Poetry Pamphlet Reviews & Features

Run by HappenStance Press

Gradual, Andrew McCulloch

The Melos Press, 2017        £5.00

Praise where it’s due

At the centre of Andrew McCulloch’s pamphlet are six translations of ‘Holy Sonnets’, based on verses of the psalms and attributed to Jean Racine. The wonder and worship within these poems distinguish the entire collection: the poet’s own language and imagery are as sacred and full of splendour as those ‘sonnets’.

‘The Artful Gardener’ is a fine example. Consisting of rhyming couplets and written in iambic tetrameter, this poem echoes something of the style of ‘To His Coy Mistress’, by Andrew Marvell, to whom this poem is dedicated.

Just as Marvell’s writing centres upon his devotion and the laws of time, McCulloch’s poem reflects the beauty of creation and how nature will not yield to the designs of man. ‘The Artful Gardener’ portrays the poet’s adoration of the mystery and beauty within the world:

For heavens here on earth do lie
And looking down we find the sky,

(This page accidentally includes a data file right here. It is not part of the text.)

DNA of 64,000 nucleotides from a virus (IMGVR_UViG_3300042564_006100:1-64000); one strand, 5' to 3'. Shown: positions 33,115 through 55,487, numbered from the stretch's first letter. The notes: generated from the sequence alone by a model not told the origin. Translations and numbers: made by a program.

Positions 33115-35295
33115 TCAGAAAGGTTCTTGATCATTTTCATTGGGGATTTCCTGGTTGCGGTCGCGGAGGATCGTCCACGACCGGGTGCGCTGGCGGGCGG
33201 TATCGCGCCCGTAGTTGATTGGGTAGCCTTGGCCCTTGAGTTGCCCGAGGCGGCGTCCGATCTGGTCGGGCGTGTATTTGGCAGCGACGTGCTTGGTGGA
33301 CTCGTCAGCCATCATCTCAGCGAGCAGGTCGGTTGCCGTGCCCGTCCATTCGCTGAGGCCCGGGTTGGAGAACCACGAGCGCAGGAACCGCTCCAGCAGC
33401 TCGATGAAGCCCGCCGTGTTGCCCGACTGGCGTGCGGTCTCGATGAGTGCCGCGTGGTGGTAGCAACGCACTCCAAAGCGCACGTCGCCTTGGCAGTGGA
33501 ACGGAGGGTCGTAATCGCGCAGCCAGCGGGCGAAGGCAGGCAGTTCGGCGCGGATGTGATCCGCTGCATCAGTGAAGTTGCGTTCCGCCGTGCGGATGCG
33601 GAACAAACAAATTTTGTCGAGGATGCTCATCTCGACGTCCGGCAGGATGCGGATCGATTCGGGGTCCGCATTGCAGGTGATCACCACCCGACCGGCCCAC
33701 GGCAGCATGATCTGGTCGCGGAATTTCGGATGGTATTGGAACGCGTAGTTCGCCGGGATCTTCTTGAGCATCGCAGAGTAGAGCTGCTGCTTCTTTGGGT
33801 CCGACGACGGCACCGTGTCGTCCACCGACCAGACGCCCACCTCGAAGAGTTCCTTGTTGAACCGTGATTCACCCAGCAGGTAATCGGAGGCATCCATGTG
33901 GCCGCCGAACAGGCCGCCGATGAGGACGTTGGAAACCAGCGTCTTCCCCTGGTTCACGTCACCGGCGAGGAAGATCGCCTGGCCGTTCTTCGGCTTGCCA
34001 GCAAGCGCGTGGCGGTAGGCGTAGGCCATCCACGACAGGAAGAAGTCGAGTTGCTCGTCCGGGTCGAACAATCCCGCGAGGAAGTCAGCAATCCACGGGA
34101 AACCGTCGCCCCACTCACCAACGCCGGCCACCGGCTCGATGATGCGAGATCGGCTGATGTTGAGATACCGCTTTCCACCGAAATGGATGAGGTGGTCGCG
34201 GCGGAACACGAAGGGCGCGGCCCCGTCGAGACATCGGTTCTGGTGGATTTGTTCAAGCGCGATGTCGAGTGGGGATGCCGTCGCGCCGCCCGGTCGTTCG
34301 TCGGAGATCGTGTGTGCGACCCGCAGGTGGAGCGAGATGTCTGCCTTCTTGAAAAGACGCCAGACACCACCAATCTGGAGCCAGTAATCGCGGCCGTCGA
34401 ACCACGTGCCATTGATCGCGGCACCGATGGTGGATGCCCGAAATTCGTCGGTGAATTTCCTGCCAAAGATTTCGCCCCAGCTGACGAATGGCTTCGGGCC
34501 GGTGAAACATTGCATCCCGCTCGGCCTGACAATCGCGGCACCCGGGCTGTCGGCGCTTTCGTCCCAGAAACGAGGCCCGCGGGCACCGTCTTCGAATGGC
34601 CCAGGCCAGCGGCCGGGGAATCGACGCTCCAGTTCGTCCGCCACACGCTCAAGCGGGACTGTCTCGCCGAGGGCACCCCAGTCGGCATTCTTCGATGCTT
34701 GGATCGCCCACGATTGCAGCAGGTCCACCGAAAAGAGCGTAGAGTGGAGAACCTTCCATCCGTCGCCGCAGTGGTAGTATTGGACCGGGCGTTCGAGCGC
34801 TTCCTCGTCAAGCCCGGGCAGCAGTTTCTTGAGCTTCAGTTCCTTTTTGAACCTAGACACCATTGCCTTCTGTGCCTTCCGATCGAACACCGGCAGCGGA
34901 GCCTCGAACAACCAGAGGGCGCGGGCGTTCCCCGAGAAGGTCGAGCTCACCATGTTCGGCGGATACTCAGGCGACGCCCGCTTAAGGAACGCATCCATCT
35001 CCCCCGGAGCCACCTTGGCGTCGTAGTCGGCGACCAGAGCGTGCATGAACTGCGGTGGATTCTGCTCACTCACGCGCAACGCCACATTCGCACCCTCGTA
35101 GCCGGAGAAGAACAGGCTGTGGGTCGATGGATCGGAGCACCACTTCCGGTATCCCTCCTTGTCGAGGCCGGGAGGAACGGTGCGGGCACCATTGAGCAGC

A world of wonder at our feet
Where we and sky and heaven meet.

‘The Hill’ is another beautiful, ethereal poem, its meaning fortified by many biblical references:

Wafers of coloured light drift to
the water and bless it where they touch —
leaf flakes dissolve into its palms,
thickening into oil, darkening to blood.

The imagery is bold and striking, drawing upon this world — which is beyond our grasp, though we exist within it, ourselves a ‘crowd of trees’ ‘gathered on the hill’:

fingers reach for
an unreal sky, spilt flames float in a glass.

McCulloch’s writing rings with holiness, from the repetition of ‘love’ in ‘Coming of Age’ to the pamphlet’s title poem, ‘Gradual’, where he describes being drawn ‘by the distant whistle of a train’: ‘[we] wave our elegiac handkerchiefs / at the clouds of incense tumbling in its wake.’

Gradual is rich and wondrous in its contemplation of creation and the beauty of the world. Not only do the translations reflect upon the power of what is greater than us, McCulloch’s original poems are majestic in their own right, each worthy of contemplation and praise.

Vic Pickup